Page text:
Now imagine that, in response, a bunch of Fleetches begin complaining that Flootchism doesn't address their needs, and they have problems too, and therefore the movement should really be renamed Terranism. To be fair. The problem with that name change is that it that undermines the basic mission of the movement, because it obscures (deliberately, some people would warrant) that Terran society has, in addition to inequities against Flootches, elements inherently weighted against Fleetches, in a misguided attempt to balance past inequities. It implies that all problems are just Terran problems, and that all Terrans suffer comparably, which cripples the very necessary effort to prioritize and repair problems that are Fleetch-specific. Those problems are a priority to Flootches because they harm all Flootches, systematically, whereas Flootches believe Fleetch problems, which Flootches know next to nothing about, merely harm individual Fleetches. Fleetches, on the other hand argue a complementary position and make the exact same argument, but in reverse.  To argue that all problems are just "Terrans problems" is to discredit the idea of inequality altogether. It is, in fact, an idea the Flootches choose to be insulted by, having embraced and internalized the idea of inequality, whether they believe they have internalized it or not.

Or, if you didn't like that one, here's another less than ridiculous metaphor: When men say things like "misogyny isn't real," we mean it the same way you might say, "Freddy Krueger isn't real." The idea of Freddy Krueger is real, Freddy Krueger absolutely has the power to scare you, and if you suspend your disbelief it's almost plausible to blame all of the unsolved knife-crime in the world on Freddy Krueger. Additionally, it is totally possible for some rando to dress up like Freddy Krueger and start murdering teens all over the place. But that doesn't meant that Freddy-Krueger-the-dude is literally real. He is never going to creep into your dreams at night and murder you. He has the power to frighten, there are isolated forces in the world that resemble him, but he is ultimately a manufactured menace.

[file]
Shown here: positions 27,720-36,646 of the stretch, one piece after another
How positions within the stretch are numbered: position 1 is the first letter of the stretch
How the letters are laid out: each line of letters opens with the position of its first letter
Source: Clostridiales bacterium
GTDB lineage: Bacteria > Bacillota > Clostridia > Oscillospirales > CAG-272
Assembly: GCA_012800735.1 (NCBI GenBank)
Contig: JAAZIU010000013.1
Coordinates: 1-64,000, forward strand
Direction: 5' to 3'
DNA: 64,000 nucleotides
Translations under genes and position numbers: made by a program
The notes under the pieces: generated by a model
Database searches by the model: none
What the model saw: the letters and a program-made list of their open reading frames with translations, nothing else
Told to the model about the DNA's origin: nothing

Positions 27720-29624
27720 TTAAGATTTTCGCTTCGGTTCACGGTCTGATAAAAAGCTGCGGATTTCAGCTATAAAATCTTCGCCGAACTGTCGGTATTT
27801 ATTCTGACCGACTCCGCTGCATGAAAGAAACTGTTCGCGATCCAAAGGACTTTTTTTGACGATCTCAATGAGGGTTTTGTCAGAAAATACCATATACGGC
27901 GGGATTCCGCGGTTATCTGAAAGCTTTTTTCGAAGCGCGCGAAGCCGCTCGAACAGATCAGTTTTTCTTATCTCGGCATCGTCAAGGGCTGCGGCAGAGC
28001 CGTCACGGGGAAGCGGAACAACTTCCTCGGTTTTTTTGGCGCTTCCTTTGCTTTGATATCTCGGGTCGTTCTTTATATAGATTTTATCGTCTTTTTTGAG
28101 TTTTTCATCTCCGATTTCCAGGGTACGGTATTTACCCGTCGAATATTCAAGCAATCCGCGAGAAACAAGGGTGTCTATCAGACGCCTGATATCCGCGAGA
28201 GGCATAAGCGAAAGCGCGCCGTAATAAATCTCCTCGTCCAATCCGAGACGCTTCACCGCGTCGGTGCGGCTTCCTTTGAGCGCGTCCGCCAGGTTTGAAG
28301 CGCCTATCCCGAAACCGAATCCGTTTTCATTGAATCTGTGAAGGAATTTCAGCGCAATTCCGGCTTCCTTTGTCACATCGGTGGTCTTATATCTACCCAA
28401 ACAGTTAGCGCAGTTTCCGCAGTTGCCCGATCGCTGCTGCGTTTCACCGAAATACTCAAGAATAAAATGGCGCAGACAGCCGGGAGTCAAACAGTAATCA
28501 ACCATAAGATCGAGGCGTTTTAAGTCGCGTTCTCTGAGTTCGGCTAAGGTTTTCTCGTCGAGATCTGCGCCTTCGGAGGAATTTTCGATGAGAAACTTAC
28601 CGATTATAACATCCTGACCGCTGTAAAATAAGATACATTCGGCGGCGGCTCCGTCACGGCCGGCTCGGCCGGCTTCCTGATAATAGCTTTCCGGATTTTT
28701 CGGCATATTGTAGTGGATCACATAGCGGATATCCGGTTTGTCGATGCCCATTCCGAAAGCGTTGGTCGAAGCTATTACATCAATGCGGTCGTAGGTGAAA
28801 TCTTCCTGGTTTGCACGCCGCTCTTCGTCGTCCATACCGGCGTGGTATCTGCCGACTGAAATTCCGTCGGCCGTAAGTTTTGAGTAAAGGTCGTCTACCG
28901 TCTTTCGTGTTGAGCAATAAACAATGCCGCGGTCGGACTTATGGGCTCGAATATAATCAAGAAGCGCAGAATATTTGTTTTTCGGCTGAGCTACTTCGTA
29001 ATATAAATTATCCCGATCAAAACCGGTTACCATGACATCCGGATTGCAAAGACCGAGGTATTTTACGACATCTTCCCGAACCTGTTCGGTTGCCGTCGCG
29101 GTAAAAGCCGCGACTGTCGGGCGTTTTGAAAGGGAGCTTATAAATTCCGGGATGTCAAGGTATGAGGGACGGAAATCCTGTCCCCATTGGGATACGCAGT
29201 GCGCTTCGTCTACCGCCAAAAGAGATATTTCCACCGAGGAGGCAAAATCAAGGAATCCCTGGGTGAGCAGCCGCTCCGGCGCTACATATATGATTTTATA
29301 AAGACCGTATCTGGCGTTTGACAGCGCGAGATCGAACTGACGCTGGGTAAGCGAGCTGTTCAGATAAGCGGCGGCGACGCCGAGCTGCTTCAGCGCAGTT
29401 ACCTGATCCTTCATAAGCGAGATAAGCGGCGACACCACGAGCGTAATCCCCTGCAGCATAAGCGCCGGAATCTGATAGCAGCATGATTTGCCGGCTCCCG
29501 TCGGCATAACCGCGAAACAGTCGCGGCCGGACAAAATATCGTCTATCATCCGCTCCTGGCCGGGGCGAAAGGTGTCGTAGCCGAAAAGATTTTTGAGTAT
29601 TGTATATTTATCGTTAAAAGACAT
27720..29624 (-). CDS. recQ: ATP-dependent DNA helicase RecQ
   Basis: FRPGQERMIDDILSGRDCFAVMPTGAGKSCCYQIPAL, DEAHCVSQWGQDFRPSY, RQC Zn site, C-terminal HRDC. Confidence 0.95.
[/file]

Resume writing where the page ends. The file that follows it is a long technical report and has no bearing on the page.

He is manufactured to explain all the random evil knife crimes, because if we identify a single source of those bad things, we feel we have some possible recourse, if only we could catch Freddy.  It's less comfortable to deal with truly random evil knife crimes, because we have no recourse against randomness.  Of course, in some cases we do have marginal recourse.  The backlash against individual celebrities by both men and women for for inappropriate statements (or perhaps they are simply sensationalistic, designed to attract publicity) shows that some random attacks can be addressed.